You need to be patient if you’re a fan of Arrested Development, (the TV show, not the band). Originally running for three seasons on Fox, from 2003 to 2006, it went on hiatus for seven long years before its eagerly anticipated fourth season aired in May 2013 as ‘a Netflix semi-original series’. A further five years down the line, and we are closing in on its fifth season, which drops on Netflix on 29th May. Fifteen years, five seasons. Arrested Development has certainly lived up to its name.
But the patience that you need as a fan of the show isn’t just in waiting for new episodes to air. Its cleverly constructed humour is chock-full of comedic plants and payoffs, of foreshadowing that takes forever to come to fruition, of plot twists that you should have seen coming a mile off but didn’t. The biggest laughs are often the ones that you wait longest for, when a gag that has been building over several episodes finally reaches its punchline. Arrested Development is a goddamn smartarse, and it knows it.
Season four of the show though, took smartarsery to an entirely new level. In a statement released on Twitter, show creator Mitch Hurwitz said: “The original season four of Arrested Development on Netflix… experimented with a Rashomon-style of storytelling – with each episode dedicated to the adventures of one member of the Bluth family. The goal was that by the end of the season, a unified story of cause and effect would emerge for the viewer – full of surprises about how the Bluths were responsible for most of the misery they had endured. In some ways to be an experience for that viewer, perhaps akin to eating some toast, then some bacon – maybe a sliced tomato followed by some turkey and realizing ‘Hey, I think I just had a B.L.T.’”
It was clever. Very clever. Perhaps too clever. Because some people didn’t get it. And a lot of people hated it. In order to get the whole BLT-minus-lettuce you had to watch the entire season, at first wondering what was going on, and then picking up the threads one by one as they wove together. It was best if you then went back and watched it all again, and said “Ohhh that’s clever!” and “I get it now!” a bunch of times. But not everyone wanted to make that commitment; and not everyone appreciated Hurwitz playing about with the format of a show for which they’d been waiting seven years.
Fast forward to4th May 2018: the festival of Cinco de Cuatro, a fictional holiday, created by Lucille and George Bluth, and one that features heavily in the fourth season. This, appropriately, is the date that Mitch Hurwitz chose to release a re-edited version of season four on Netflix, “shuffling the content from 15 individualized stories into 22 interwoven stories the length of the original series… as a comedic experiment to see if new jokes and a new perspective would emerge from a remix that features all the Bluths in every episode, and where the simultaneity of the story plays out chronologically”.
It’s a bold move, and one that is all about luring previously disappointed viewers back in to the show in the lead up to season five, as well as creating enough episodes for syndication. So, how does it fare when compared with the original cut? Does it work? Well, partly. There is definitely an appeal in paring back run length to a standard 22 minutes, as opposed to the variable, sometimes 30-plus minutes of the original cut episodes. But unfortunately it’s also something of a mess. These stories were never meant to be shown chronologically, and so in order to make sense of them, a vast amount of extra exposition is needed, in the form of omniscient narration from Ron Howard, along with a split-screen of relevant scenes that you’ll need to be aware of in order to understand what happens next. It’s frantic, and repetitive, and all over the place: a redux for the Twitter generation, and not in a good way.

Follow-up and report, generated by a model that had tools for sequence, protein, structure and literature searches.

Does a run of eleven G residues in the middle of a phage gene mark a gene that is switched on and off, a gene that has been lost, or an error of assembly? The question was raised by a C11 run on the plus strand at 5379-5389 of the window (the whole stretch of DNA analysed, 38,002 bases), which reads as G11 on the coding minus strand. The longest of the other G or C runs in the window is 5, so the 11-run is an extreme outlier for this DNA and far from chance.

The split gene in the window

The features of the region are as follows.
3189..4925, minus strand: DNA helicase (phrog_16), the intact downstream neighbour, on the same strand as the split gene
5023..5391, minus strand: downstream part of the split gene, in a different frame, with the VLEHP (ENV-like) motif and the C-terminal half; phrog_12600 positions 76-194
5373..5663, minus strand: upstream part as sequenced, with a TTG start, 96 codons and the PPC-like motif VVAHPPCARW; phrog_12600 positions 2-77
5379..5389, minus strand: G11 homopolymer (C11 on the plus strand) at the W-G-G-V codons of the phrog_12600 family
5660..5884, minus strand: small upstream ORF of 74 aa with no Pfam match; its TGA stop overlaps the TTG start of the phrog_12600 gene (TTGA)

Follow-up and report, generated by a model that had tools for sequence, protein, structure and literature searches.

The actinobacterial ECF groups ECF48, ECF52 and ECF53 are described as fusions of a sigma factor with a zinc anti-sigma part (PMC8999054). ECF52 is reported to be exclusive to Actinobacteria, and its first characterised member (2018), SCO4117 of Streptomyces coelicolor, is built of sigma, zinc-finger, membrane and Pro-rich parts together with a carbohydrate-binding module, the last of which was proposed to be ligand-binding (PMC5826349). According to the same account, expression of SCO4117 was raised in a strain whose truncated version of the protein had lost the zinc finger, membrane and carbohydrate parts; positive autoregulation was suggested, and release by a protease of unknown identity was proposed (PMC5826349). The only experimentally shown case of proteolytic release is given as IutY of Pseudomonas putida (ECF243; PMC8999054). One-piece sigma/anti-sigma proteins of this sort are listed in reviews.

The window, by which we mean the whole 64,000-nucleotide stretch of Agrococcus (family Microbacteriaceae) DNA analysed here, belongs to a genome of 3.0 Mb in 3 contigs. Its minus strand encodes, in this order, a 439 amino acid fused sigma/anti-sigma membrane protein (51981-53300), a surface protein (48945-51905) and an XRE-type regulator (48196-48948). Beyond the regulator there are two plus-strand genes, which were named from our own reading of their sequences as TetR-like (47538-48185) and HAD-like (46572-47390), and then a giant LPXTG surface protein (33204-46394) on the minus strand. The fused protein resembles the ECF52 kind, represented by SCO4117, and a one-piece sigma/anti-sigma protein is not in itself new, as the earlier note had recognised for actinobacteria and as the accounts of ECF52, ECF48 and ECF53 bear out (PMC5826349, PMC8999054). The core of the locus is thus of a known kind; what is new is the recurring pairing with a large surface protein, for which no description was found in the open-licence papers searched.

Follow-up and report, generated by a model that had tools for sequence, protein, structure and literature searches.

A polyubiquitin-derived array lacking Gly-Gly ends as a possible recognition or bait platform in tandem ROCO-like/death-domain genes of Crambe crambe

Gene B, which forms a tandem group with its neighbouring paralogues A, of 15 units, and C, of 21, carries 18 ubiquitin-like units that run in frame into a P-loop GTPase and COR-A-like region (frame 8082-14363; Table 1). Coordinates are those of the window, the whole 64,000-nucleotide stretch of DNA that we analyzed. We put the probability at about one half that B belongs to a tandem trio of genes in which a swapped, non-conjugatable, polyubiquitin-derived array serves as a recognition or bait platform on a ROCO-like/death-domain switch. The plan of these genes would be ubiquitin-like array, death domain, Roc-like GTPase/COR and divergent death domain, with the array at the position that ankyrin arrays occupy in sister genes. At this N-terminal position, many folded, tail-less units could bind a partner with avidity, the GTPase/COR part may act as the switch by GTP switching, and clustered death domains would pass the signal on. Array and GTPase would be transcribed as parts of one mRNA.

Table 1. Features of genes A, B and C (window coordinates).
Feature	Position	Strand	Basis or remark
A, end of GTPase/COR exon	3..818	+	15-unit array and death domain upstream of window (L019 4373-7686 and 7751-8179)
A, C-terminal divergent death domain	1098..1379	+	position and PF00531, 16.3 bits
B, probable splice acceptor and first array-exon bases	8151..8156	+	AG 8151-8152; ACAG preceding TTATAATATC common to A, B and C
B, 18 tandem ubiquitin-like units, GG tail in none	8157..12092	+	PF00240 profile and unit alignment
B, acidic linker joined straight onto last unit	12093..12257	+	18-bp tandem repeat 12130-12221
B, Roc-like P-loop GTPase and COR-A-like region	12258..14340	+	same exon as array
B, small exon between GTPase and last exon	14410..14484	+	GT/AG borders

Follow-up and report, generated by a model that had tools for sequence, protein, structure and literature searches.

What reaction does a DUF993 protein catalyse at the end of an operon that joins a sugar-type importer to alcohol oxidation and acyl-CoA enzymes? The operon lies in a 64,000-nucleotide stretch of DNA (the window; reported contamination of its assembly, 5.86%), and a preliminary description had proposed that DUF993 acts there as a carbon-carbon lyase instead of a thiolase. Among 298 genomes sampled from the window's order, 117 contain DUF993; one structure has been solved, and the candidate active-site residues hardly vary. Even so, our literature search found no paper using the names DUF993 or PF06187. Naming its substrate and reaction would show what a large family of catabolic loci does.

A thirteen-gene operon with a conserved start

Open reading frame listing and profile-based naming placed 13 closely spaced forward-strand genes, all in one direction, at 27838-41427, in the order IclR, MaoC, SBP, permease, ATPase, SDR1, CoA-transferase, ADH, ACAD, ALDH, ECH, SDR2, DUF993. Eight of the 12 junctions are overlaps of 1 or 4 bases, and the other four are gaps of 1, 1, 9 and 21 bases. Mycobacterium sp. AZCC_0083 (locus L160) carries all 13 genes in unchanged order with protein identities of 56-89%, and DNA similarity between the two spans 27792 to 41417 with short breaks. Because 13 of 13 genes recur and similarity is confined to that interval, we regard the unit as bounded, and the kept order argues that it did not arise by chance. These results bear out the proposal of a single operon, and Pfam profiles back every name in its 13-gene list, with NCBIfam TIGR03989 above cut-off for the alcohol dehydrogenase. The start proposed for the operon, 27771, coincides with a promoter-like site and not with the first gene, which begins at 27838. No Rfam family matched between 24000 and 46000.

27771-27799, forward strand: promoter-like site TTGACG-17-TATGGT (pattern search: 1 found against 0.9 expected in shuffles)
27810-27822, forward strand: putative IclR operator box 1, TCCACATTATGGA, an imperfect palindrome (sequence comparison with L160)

It does succeed, in places, in bringing out new flavours, and elements that were easily missed in the original cut. The original edit is so dense with jokes that you’ll almost inevitably miss some, and the re-edit makes a point of bringing some of these to the fore. And it creates new gags through the medium of Ron Howard’s additional narration: alluding to current events, as well as being self-referential, for example with a mention of Jeffrey Tambor’s role in Transparent. But it also throws away vast amounts of its comedic punch by immediately explaining payoffs that we previously had to wait for, and that were delightful in their revelation. Arrested Development has always made the viewer work for the jokes – much of the plot is made up of what elsewhere would be called Easter Eggs – and having them explained ahead of time is a real disappointment.
Is this re-cut footage for people who didn’t understand the original cut? Or didn’t stick with it? Whether you think it’s an improvement probably depends on how much you loved or hated the original season four release. Overall, ‘Fateful Consequences’ is certainly an interesting experiment, but not a successful one, and is likely to leave many fans saying “I don’t want these”.
Arrested Development Season 4 Remix ‘Fateful Consequences’ is now streaming on Netflix. You can watch the original edit of Arrested Development Season 4 on Netflix under ‘Trailers and More’.